Dear Ladies and Gentlemen,

With the first publication of our new magazine, Visions for Europe, we officially confirm the December 2020 establishment of the European Senate of Economy and Technology. The idea of a neutral committee has existed since antiquity. ‘Senate’ literally means ‘council of elders’, though we did not intend to establish a body comprised exclusively of older members.

Rather, we were inspired to revive the essence and purpose of the ancient Roman Senate—to advise leaders of state in politics, business and science to maximize positive outcomes for the majority of people—and senator age is irrelevant to this goal. We are proud to have prepared the way for such a council at the European and international levels. In the magazine you now hold in your hands, we present our ideas, activities and impulses to the public.

Visions for Europe carries a big title, maybe even a huge one, that paints a picture of the future and describes our assumptions about the state of Europe. The question here is always the same:

How far does our vision deviate from reality?

A vision is not only a goal but a way to achieve it. Our vision encompasses both, as we have a clear vision of cooperation within Europe and the world as well as a good idea of the path toward it. Let us take a closer look at the opportunities and risks we may encounter along the way, so we can control this path as much as possible.

Let us take the chance to see some things with more prudence. One truth we have learnt from the Corona crisis is that good results do not always require haste or a “bigger-faster-further” approach. They can be achieved in other ways. I am continually amazed by what you can achieve when you leave your old path for a while, regardless of whether the deviation was successful. The problem is that we tend to take the status quo for granted. Before the pandemic, for example, it was typical to travel long distances to discuss business in person. It was not unusual to fl y from Munich to Hamburg for a ninety-minute meeting.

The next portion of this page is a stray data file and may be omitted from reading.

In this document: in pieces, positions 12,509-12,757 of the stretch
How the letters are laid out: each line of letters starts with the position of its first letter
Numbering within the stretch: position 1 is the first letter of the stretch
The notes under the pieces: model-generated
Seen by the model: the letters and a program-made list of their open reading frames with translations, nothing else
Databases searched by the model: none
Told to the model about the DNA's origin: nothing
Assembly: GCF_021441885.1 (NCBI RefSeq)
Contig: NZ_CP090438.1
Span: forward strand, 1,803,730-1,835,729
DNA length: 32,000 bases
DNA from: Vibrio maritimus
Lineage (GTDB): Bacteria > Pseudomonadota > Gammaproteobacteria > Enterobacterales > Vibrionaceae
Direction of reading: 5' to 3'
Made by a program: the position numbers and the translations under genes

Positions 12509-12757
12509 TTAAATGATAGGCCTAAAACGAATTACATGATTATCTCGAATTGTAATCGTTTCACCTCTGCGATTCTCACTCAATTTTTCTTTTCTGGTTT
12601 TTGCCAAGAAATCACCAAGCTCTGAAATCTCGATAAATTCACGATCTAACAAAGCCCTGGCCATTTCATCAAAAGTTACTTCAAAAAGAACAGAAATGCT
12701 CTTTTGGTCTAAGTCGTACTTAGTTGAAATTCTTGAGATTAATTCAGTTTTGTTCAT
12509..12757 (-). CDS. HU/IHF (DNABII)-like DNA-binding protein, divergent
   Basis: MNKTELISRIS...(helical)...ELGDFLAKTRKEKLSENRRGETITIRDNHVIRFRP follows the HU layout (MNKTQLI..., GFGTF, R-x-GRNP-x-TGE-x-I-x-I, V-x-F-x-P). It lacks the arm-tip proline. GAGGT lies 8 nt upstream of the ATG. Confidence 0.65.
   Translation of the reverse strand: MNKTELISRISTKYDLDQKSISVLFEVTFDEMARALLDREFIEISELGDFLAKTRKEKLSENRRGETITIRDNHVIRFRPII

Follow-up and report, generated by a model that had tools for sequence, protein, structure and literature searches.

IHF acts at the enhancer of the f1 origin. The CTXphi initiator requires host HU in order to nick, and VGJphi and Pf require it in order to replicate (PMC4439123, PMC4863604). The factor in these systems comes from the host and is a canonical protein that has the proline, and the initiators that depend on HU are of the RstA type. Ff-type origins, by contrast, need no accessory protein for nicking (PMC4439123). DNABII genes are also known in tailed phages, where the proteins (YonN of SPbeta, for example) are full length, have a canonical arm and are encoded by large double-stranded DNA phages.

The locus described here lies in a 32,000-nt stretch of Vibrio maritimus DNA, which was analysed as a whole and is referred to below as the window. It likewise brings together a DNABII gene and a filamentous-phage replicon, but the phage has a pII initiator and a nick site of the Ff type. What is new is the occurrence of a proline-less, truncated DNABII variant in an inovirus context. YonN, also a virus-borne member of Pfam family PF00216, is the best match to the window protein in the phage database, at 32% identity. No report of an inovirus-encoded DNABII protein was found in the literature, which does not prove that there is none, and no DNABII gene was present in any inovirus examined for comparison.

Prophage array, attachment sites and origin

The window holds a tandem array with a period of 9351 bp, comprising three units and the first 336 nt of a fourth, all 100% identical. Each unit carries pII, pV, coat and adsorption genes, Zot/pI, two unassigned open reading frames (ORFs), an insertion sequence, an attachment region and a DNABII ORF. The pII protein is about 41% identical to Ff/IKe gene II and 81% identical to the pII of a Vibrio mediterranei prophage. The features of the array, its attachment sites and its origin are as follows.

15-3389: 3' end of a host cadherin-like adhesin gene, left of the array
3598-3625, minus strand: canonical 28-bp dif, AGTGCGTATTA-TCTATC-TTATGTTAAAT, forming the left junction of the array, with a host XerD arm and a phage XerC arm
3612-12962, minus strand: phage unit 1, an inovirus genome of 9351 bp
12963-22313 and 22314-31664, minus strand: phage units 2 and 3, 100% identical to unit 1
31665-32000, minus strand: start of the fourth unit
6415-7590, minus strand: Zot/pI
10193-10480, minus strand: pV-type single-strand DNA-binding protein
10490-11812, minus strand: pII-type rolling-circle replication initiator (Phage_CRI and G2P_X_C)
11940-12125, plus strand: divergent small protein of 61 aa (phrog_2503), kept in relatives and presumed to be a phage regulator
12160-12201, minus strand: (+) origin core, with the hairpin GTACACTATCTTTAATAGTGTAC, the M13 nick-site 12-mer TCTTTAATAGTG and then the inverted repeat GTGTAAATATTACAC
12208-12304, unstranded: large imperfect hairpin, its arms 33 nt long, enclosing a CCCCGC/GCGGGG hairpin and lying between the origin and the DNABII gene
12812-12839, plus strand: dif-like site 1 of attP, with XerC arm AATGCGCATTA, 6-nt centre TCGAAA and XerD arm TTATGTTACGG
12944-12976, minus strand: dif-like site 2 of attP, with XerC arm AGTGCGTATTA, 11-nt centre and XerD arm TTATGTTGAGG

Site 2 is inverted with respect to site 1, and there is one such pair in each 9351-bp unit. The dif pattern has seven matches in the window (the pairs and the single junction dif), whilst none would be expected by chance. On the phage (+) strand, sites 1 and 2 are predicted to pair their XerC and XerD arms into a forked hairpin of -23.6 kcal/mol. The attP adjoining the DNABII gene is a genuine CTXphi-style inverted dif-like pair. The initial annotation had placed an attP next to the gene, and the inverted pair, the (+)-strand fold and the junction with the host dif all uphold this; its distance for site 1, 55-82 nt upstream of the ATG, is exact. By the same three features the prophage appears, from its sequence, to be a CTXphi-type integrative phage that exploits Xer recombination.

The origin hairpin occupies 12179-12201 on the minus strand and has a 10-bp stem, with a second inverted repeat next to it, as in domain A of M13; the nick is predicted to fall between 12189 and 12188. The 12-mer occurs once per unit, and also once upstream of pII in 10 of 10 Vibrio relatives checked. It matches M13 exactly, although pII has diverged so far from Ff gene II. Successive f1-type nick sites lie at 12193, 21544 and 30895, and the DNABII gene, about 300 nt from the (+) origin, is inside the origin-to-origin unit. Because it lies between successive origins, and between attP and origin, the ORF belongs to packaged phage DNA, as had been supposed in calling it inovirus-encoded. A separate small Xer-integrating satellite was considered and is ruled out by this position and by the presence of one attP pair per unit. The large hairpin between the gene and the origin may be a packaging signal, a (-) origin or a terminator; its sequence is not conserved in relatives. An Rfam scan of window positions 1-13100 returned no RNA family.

During the pandemic, however, most conversations have been conducted via video conference, and we have realized that we can run entire groups remotely. Curiously, the technology to achieve this has existed many years before, but only now it has become a matter of course to use it. So, should we continue working from home after the pandemic, holding most of our conversations through a screen? The answer is probably easy for parents living in the countryside with only one child and a big house with a garden—perhaps even easier if one parent can raise the child full-time.

For larger or city-dwelling families, however—especially those in which both parents must work to make ends meet—the answer may be diff erent. It is difficult to solve the home-office issue politically. We can, however, discuss it in ways that consider all points of view to fi nd solutions that benefit as many people as possible. This is what we usually call the common good. It is precisely for this common good that the European Senate of Economy and Technology acts.